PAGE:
Ragas were classified by many people in many ways. These classification systems are not applicable for most ragas (because of their complexity), however, it is somewhat easier to get by in the Indian tonality, and history of music, with the help of these systems. For this reason I present two classification systems in the case of the discussed ragas, which can be starting points in further studies. These are: jati, that is the classification according to the length of the scale, and that, which is the classification under the 10 basic scales.

Based on the above, this table, which can also be found at the description of the ragas, can be understood easier:

ascending scale:
the ascending scale of the raga
Click on this icon to listen to the scales of the raga!
descending scale:
the descending scale of the raga
The ruling note of the raga, the most important and most often heard note during the performance of the raga.
The second most important
note of the raga, the “minister”, which is the most often played
note after the vadi.
The appropriate playing time of the raga.
typical phrase:
The expression of the emotion of the raga is primarily the matter of timing and stressing. Not only the raga can be recognized from the typical phrase, but also its range of emotions can be identified easily.
‘taste’ – the feeling of the raga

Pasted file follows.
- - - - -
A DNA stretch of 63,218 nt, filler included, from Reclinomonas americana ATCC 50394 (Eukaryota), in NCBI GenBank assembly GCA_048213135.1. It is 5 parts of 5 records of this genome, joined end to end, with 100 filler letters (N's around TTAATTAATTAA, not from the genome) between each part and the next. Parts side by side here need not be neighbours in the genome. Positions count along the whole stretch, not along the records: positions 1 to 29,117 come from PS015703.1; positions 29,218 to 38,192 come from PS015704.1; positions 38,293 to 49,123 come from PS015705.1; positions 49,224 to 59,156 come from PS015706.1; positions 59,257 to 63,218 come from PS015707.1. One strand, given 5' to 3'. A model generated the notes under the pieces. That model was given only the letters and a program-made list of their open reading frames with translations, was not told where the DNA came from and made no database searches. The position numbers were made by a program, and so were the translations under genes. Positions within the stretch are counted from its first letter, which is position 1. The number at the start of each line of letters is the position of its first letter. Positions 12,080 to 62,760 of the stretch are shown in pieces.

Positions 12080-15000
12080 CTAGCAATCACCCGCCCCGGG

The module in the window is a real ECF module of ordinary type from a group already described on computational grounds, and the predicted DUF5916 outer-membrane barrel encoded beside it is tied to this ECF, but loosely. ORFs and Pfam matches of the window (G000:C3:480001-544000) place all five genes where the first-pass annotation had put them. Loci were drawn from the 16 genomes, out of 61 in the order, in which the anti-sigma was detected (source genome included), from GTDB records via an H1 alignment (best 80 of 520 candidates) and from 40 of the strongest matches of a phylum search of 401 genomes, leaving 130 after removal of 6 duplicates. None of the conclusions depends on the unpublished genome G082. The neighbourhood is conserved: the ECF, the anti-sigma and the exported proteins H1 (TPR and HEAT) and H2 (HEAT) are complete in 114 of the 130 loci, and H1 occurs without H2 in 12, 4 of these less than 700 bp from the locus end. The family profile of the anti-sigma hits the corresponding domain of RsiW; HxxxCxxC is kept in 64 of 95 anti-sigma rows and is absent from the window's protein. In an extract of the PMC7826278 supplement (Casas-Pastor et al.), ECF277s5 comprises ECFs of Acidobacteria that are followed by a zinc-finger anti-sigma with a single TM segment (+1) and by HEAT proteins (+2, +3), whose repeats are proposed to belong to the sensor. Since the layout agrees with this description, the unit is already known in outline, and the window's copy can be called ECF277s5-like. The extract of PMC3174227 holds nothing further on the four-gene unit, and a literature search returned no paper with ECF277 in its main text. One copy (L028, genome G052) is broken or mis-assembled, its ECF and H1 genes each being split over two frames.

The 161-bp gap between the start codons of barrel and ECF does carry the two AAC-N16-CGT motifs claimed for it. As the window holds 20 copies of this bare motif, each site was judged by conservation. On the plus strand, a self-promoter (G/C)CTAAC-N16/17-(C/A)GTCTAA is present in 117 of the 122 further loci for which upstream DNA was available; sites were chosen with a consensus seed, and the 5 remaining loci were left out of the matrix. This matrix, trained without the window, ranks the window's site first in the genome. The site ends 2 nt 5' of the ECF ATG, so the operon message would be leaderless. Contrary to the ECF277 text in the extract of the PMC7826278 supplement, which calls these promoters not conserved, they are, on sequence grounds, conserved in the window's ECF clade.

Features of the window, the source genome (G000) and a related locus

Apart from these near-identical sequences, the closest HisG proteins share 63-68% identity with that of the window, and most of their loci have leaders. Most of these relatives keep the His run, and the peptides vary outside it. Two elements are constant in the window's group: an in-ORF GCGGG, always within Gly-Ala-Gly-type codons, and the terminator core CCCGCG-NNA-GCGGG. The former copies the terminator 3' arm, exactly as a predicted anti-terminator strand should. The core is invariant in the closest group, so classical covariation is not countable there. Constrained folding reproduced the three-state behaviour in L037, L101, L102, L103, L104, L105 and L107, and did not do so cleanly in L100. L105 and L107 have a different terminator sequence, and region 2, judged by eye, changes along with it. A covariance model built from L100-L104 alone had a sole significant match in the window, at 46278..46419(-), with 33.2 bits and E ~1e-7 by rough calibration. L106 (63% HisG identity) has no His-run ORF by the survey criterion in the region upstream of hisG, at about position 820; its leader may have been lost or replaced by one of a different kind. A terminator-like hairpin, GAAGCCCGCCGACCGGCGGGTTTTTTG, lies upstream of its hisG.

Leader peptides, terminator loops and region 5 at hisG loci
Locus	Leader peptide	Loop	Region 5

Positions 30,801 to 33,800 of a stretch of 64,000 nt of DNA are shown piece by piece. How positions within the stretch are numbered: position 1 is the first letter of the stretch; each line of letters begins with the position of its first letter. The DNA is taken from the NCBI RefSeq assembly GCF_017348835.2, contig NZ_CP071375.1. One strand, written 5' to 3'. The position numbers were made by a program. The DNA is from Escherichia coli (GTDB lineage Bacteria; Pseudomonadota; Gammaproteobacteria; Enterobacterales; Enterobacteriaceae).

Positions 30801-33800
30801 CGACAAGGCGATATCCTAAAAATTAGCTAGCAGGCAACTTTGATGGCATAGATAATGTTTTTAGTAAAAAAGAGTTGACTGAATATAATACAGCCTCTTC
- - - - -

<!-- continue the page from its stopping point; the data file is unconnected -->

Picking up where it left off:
system of classification: the classification of the raag according to the length of the ascending and descending scale: sampurna – seven-note scale, shadava – six-note scale, audava – five-note scale. Eg.: sampurna-shadava, the ascending scale is a seven, the descending scale is a six-note scale.
a classification system, the idea of which is the classification of the raga under one of the ten thats, that is one of the ten basic scales. These are: bilaval, khamaj, kafi, bhairav, asavari, bhairavi, kalyan, marwa, purvi, todi (based on the six-volume book of Vishnu Narayan Bhatkhande (1860-1936), Hindustani Sangeet Paddhati Kramik Pustak Malika, published in 1939.)
similar raga:
similar raga

This painting is the so called ragamala, which depicts the emotional and other aspects of the raga, which cannot be described in words. The Raga Varali, can be depicted like this: